Simulator Applet

Discussion in 'General Electronics Chat' started by Shagas, Jul 2, 2013.

  1. Shagas

    Thread Starter Active Member

    May 13, 2013
    802
    74
    Hello guys ,

    I've been using this site for help understanding how some circuits work for quite a while now .

    http://www.falstad.com/circuit/e-index.html

    You can click on any of the circuits and the applet will show you a real time simulation of it and you can edit it and hover over components to see values etc and plot real time graphs . It's pretty cool .
    The applet is also downloadable .

    Recently I've started learning Digital electronics and learning/building circuits at the SSI gate level . Instead of using my breadboard I decided to try it on this applet and it works great and really easy to create/edit whatever you want and see the circuit in action in real time .

    Now i've tried some other simulators like LTSpice and Microcap and they are great (granted I have only skimmed the surface) but they only run a simulation and then show you results . There is no real-time prototyping with them (or is there and i've missed it ? :/ )

    My question is firstly :
    What kind of language does such an applet use to model the circuits ? I mean obviously it's written in java but how does it model components etc?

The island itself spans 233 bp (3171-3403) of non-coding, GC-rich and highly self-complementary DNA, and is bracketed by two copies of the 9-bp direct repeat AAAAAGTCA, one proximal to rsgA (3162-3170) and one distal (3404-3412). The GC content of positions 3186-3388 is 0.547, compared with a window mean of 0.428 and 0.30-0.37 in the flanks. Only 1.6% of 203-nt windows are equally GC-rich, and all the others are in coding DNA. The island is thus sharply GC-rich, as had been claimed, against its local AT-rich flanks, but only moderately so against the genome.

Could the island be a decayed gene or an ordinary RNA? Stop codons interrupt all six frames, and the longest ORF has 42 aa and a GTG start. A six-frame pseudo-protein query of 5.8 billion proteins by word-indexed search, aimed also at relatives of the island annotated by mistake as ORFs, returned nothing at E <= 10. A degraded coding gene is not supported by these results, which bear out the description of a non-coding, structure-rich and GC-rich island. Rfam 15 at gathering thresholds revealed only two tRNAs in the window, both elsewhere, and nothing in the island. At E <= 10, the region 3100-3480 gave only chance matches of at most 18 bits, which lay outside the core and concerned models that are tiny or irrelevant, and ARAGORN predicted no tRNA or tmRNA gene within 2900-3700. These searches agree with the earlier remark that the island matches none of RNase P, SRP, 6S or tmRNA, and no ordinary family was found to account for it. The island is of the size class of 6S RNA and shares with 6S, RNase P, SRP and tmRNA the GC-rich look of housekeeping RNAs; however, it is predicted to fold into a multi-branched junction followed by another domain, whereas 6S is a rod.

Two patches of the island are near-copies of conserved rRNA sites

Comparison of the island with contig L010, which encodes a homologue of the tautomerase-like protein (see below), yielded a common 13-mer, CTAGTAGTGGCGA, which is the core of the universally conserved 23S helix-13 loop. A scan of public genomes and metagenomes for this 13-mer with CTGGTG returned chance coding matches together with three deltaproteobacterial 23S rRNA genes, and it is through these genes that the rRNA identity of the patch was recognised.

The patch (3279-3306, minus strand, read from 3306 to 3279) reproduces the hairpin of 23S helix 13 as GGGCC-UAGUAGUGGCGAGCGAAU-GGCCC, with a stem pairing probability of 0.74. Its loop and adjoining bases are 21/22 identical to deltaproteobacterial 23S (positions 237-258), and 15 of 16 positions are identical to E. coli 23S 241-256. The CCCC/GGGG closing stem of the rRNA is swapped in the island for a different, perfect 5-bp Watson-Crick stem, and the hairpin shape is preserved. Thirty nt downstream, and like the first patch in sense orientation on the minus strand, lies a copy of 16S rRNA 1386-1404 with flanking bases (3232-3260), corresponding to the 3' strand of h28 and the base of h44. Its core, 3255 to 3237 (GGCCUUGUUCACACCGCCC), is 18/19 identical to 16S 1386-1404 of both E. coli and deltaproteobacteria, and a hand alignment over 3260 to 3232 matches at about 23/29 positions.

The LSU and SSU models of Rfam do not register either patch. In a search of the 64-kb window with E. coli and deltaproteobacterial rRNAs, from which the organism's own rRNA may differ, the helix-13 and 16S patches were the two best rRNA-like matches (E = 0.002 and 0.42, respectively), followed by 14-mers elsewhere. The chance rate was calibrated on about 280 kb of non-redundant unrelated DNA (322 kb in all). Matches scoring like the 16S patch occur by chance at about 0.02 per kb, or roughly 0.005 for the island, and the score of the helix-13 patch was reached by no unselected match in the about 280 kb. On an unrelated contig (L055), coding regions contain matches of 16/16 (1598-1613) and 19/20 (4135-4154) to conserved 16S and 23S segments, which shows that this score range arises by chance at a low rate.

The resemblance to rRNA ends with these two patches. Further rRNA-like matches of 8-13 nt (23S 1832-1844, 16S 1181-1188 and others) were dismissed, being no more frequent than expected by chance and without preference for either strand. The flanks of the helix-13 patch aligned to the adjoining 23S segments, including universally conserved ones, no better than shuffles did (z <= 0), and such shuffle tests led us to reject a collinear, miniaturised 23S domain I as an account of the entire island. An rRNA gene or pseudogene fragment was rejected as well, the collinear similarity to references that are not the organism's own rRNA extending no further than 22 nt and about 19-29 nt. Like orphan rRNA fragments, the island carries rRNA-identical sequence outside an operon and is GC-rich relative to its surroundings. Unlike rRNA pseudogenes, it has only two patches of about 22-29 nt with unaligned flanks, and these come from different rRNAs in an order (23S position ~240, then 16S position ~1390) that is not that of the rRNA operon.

Is it accurate/reliable? Or at least: Is it as accurate as SPICE engines?
    I apologize if this question sounds stupid but I'm not very familiar with
    circuit modeling and simulators .

    I've tried emailing the guy who made the site and the applet (been 4 days now) but he is not answering ,maybe he doesnt check that email anymore.

    Anyhow ,
    what do you guys think of using such an App to model circuits in substitution of using a breadboard ?
    I'm talking about non - high frequency stuff ,things I can do on a breadboard


    Any advice/info/discussion is welcome :)

    Also ...
    If you go to the main page :

    http://www.falstad.com/mathphysics.html

    There are alot of other very intersting things and simulators and what not .
     
  2. tshuck

    Well-Known Member

    Oct 18, 2012
    3,531
    675
    The models will generally be an object (programming object) that had X inputs, using a mathematical relationship for the values of each terminal (current, voltage, power, etc.), the circuit is simulated against the independent variable (time, frequency, etc.).

    I recently found an open-source simulator for digital logic, that I found to be quite useful, called, LogiSim. I wrote a blog about it if you want to know more.

    To more directly answer your questions, it is probably not as accurate due to secondary effects in devices that may not be modeled properly, or at all, where SPICE programs have been around for a while, making me think people would create much more accurate models...

    I doubt you'd get a response. I'm sure every EE student in India has asked for the source code...
     
    Last edited: Jul 2, 2013
  3. Shagas

    Thread Starter Active Member

    May 13, 2013
    802
    74

    :))

    Well thanks for the answer ,
    I'm going to check out that Logisim since currently i'm taking a break from analog and started fiddling around with digital , so thanks again :)
     
Loading...